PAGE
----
Chicago has been fighting a losing battle on guns, and it's not quite ready to stop. In 2008, when the U.S. Supreme Court ruled that a Washington, D.C., ban on handguns violated the Second Amendment, the city should have realized its own ban was doomed. Instead, it went through its own litigation, which ended with the Supreme Court ruling that Chicago, too, was trampling on a constitutional right.
At that point, the city passed a new ordinance allowing Chicagoans to get permits to own handguns, provided they got training at a gun range. But, in an odd twist (or a stubborn protest), the ordinance also prohibited commercial gun ranges. As might have been expected, the range ban was struck down by the 7th U.S. Circuit Court of Appeals.
The city grudgingly allowed them, but only in manufacturing districts, with a special-use permit, and least 500 feet from any residential area, school, library, church, liquor store or day care center, among other sites. The restrictions, not by accident, put nearly 98 percent of the acreage in Chicago off-limits. The practical figure is 100 percent: Not a single commercial gun range has opened.
It was no big surprise when the 7th Circuit found this ordinance overly burdensome. But the City Council remains in no hurry to submit to the reality of Second Amendment rights. Recently, it put off a vote on a proposed measure designed to comply with the court ruling — a measure that would allow ranges in business, commercial and industrial areas with a special-use permit and drop the distance requirements. Some aldermen are opposed, with Ald. Michele Smith, 43rd, charging that the federal court of appeals is "completely out of touch with the needs of cities (and) the protection of our children."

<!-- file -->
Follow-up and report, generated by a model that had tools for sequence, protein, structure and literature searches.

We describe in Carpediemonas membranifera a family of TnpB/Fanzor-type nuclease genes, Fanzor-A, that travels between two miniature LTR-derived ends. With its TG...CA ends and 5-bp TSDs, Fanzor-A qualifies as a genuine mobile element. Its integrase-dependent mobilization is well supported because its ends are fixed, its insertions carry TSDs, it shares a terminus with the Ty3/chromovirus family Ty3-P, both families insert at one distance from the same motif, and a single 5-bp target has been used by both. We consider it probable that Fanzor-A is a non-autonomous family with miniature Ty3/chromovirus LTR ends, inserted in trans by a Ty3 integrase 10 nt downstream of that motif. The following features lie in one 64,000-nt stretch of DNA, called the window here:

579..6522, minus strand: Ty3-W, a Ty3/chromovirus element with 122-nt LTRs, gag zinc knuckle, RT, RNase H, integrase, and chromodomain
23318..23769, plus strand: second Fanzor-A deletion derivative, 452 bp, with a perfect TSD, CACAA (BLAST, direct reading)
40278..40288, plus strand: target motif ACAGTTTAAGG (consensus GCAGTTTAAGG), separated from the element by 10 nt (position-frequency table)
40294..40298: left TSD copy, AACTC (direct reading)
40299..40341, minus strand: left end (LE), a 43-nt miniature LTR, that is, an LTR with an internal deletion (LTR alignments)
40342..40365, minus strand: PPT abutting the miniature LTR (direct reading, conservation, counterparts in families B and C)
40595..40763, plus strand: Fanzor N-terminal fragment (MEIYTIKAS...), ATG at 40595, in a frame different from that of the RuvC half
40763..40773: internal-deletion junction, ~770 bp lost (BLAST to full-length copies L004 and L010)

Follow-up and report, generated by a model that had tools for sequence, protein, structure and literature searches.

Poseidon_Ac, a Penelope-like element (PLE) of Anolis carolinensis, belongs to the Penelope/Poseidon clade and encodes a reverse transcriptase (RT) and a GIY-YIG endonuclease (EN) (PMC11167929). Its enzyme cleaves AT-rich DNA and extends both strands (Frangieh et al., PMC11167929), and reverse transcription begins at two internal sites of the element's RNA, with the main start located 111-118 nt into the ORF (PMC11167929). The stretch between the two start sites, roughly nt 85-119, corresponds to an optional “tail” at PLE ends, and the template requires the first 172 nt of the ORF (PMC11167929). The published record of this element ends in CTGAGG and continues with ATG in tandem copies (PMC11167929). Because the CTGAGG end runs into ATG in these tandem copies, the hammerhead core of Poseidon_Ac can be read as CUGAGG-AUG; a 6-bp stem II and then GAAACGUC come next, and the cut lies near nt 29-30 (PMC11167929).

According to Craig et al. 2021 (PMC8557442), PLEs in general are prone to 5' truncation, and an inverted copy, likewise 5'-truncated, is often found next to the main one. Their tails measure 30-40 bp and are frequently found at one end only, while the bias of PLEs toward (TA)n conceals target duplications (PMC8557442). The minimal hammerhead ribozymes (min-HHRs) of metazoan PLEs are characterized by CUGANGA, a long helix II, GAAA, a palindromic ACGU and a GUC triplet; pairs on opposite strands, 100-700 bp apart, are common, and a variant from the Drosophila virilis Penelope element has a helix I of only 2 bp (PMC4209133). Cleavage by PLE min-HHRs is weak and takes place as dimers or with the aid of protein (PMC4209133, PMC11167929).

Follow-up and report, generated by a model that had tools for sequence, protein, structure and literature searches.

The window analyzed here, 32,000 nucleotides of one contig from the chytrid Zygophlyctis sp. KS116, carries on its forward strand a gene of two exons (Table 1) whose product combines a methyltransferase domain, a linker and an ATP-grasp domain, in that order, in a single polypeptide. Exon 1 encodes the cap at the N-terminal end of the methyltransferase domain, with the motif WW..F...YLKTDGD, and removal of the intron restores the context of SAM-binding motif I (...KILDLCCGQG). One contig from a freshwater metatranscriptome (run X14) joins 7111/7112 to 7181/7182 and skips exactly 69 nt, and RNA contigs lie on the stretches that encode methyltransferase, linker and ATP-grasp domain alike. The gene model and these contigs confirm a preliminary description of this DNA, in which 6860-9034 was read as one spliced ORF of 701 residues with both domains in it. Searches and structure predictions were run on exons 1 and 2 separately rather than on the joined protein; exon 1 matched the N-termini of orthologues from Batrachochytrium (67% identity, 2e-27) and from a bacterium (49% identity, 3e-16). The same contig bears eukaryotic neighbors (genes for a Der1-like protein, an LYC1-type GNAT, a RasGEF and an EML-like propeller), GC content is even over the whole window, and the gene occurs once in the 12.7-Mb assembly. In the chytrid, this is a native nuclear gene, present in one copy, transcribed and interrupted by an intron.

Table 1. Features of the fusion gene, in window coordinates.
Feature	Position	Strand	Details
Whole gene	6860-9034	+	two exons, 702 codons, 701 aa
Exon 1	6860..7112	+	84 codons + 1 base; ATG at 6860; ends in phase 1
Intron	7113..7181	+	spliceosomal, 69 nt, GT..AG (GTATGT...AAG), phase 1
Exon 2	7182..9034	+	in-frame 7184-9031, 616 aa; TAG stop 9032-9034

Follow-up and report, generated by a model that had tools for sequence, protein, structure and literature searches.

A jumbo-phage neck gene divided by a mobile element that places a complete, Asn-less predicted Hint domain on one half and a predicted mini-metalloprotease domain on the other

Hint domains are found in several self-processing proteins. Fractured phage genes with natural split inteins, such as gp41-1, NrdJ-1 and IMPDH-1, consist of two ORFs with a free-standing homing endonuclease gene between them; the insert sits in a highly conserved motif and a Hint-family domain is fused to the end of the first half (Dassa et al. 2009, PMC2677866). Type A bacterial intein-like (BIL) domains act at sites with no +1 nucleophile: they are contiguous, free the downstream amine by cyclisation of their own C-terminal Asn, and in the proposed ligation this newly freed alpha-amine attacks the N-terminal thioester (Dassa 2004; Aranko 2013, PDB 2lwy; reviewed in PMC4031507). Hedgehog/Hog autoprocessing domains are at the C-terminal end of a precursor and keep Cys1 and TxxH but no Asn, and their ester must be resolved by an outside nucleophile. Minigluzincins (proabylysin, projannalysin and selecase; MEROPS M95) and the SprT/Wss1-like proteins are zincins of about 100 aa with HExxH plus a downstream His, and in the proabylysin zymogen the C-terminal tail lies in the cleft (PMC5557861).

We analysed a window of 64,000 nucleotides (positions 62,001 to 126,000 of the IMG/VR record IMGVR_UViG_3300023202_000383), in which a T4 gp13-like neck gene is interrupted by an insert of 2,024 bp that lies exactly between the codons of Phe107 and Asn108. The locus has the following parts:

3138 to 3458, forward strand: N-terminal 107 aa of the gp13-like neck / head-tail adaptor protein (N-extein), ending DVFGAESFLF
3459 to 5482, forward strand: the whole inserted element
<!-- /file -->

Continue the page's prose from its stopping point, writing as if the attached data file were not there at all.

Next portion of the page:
Maybe so, but the city still has to comply with the court's rulings. In truth, the judges had good reason to reject the reasoning behind the restrictive ordinance. The city, for example, claimed such venues are an environmental and fire hazard. That's no truer of commercial ranges than of the law enforcement ranges located in Chicago — which numbered 11 at the time the case was argued.
The city claimed commercial shooting sites could generate crime. But the court noted the city furnished no evidence to support this conjecture. And a place frequented by law-abiding adults equipped with firearms and skilled in their use really isn't the most tempting target for felons.
Plenty of cities have found these facilities compatible with public safety. A large commercial gun range opened a few years ago in Waukegan, for example, and Waukegan police Cmdr. Joe Florip says there have been "no issues or problems." Nor does he recall any with another range that is no longer in business. Chicago's lawyers were able to find only two examples of thefts from shooting ranges in the entire United States since 2010.
There is also considerable social value in encouraging those who own guns to learn how to use them safely and competently and maintain their proficiency. That's what ranges are for, and there is no good reason to force Chicagoans to drive to the suburbs to find one.
Aldermen may not like to see their power to regulate guns curtailed in court. But it's about time they woke up to reality.
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